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James Hand

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Though he's been making powerful original music for nearly four decades, James Hand has unjustly remained one of American music's secret treasures -- a local legend, modestly plying his craft in countless smoky dives and dancehalls to a slowly widening circle of admirers. What he does, he does straight from his heart, taking the hard-won lessons that life and love have taught him and pouring them into his songwriting and performing. "I don't sing like anybody," he admits with a shy, sly smile, "and I don't look like Kenny Chesney." He's right: he sings like nobody but himself, his phrasing drawing out the pain and humor of his lyrics with an unpredictable yet soulful series of tiny inflections. His songs are equally mysterious and unclassifiable. While they are noticeably rich with the influences of his heroes -- classic country architects like Hank, Lefty, and Ernest -- Hand's songs are uniquely his, imbued with equal parts gallows humor and the ability to stare unflinchingly into life's darkest corners.

When he's not onstage, Hand has carved out a niche for himself as a horse trainer. “When it comes to horses," he says, "people act like it’s some big deal – like this whole horse whispering thing. But I’ll tell you something: you can whisper to ‘em, you can get down on your knees and act like ‘em, but the horse knows you ain’t a horse.” That offhand remark says a lot about James Hand – he knows who he is, and onstage and off he’s the same man: soft-spoken, achingly polite, and genuine.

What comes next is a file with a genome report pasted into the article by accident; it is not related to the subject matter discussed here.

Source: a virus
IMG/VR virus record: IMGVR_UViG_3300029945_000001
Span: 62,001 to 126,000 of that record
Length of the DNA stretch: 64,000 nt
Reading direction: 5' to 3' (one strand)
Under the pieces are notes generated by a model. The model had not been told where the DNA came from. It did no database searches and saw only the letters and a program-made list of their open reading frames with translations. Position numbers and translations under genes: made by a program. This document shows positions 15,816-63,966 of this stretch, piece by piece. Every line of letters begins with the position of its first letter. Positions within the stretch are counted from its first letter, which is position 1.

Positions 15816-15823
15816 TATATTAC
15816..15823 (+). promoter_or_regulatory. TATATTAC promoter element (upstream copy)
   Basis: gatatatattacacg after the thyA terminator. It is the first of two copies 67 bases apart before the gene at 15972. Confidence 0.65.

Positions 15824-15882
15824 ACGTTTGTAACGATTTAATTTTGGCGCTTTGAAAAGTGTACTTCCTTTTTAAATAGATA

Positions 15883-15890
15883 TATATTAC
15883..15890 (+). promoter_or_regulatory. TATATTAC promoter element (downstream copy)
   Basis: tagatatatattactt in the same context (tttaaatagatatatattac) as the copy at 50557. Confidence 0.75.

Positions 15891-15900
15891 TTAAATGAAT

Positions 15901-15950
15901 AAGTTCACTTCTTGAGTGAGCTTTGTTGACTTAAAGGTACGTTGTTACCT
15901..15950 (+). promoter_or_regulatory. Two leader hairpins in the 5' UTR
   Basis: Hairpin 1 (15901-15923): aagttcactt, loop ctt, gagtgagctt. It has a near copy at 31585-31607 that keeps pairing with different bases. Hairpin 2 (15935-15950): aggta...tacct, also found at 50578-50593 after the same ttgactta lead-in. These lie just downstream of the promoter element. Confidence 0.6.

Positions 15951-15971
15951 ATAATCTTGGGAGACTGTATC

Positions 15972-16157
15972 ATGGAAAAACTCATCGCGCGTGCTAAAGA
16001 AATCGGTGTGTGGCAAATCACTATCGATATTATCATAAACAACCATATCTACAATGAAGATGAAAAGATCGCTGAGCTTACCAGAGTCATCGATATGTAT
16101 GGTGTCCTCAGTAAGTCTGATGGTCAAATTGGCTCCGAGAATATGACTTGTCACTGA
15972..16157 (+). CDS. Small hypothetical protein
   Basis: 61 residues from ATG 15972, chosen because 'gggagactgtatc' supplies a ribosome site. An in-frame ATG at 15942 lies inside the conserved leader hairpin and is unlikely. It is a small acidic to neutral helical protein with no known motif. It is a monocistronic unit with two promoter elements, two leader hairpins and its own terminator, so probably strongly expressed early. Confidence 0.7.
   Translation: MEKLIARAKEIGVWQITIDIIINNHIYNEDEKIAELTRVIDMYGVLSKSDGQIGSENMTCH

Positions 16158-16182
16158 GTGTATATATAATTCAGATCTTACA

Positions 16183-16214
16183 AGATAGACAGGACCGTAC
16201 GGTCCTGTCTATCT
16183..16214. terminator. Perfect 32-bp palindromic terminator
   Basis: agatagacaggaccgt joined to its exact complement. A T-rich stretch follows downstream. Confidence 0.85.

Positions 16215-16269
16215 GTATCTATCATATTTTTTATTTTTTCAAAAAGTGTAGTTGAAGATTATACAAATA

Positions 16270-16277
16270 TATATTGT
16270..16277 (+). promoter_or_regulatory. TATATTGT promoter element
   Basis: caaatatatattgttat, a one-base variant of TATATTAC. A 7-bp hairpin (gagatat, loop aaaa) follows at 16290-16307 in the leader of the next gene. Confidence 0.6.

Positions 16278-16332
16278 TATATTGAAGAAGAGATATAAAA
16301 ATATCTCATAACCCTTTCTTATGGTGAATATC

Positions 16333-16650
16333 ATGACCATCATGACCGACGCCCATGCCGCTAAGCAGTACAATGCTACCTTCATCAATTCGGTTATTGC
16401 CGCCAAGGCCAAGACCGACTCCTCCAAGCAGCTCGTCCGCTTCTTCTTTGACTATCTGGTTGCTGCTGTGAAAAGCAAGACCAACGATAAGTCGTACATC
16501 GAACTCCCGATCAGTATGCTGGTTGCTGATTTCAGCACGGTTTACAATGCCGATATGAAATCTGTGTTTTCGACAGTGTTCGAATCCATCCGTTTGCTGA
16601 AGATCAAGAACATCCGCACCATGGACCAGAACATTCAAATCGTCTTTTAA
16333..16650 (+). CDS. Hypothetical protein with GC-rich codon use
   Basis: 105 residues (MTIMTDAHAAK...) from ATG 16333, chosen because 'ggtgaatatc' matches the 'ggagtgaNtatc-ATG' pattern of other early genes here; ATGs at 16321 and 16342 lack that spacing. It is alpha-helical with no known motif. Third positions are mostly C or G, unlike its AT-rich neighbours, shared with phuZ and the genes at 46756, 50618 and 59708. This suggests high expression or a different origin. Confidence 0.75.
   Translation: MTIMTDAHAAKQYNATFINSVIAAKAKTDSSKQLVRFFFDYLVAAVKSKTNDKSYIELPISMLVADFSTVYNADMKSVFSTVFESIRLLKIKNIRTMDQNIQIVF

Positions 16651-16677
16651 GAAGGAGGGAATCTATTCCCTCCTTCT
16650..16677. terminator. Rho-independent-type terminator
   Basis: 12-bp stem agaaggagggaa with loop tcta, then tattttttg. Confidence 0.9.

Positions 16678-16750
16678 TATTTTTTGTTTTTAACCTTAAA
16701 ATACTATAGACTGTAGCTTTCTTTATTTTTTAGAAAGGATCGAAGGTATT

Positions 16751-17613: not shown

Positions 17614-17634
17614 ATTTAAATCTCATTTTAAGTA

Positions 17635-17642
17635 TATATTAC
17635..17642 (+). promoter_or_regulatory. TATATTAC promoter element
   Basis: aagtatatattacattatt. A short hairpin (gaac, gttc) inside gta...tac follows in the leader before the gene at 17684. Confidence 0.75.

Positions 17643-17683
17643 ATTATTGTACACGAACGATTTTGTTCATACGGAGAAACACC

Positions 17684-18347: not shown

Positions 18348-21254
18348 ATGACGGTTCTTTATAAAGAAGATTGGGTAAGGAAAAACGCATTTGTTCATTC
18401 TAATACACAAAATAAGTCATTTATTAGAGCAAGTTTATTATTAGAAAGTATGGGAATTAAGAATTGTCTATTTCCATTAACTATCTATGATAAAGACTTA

At the unlikely age of 53, he’s about to release his first nationally-distributed album, The Truth Will Set You Free. Produced by Asleep at the Wheel frontman Ray Benson and legendary Texas producer and multi-instrumentalist Lloyd Maines (Dixie Chicks, Terry Allen, Ray Wylie Hubbard, Robert Earl Keen, Jr.), the album features confident, definitive versions of twelve of Hand's original compositions -- songs that are at once refreshingly unique and classically timeless. Though he is poised at the brink of national attention, if anything, he is more humble now than ever. “The people around me really came through for me,” he says, with not a trace of affectation, “The record company, my producers, and my band. In fact, sometimes I think the only person who hasn’t been kind to me is me…”

“In over 30 years of playing country music, I have never, absolutely never seen anyone as unique as James Hand. There is no one like this artist – complex, yet simple. Simply, James Hand is country music, and he has no equivalent.” – Bob Cole, Country Music Hall Of Fame ’03, Hill’s Café, South Austin, Texas

“I started playing this kind of music when I was twelve,” Hand reflects, “When I was 13, we’d play for $15 a person and free beer. I’m 53 and I’m still playing for $15 a person and free beer. Working with horses pays about the same. It seems like my whole family all managed to find occupations that get you a slow starvin’ diet.”

Born in Waco, TX, rodeos and country music surrounded James from an early age, and quickly became part of his daily life. The classic strains of Lefty Frizzell and Hank Williams made their mark on him, but a more substantial influence on his performing and songwriting has been life itself. “I’ve been writing songs since I was kid – since I was ten or eleven. Just the other day I found some songs in a little bitty envelope that my grandmother, who has since passed away, had tucked away into china cabinet. And with the life I’ve lived, there’s no shortage of songs. They’ll run out of typewriter ribbon before I run out of songs.”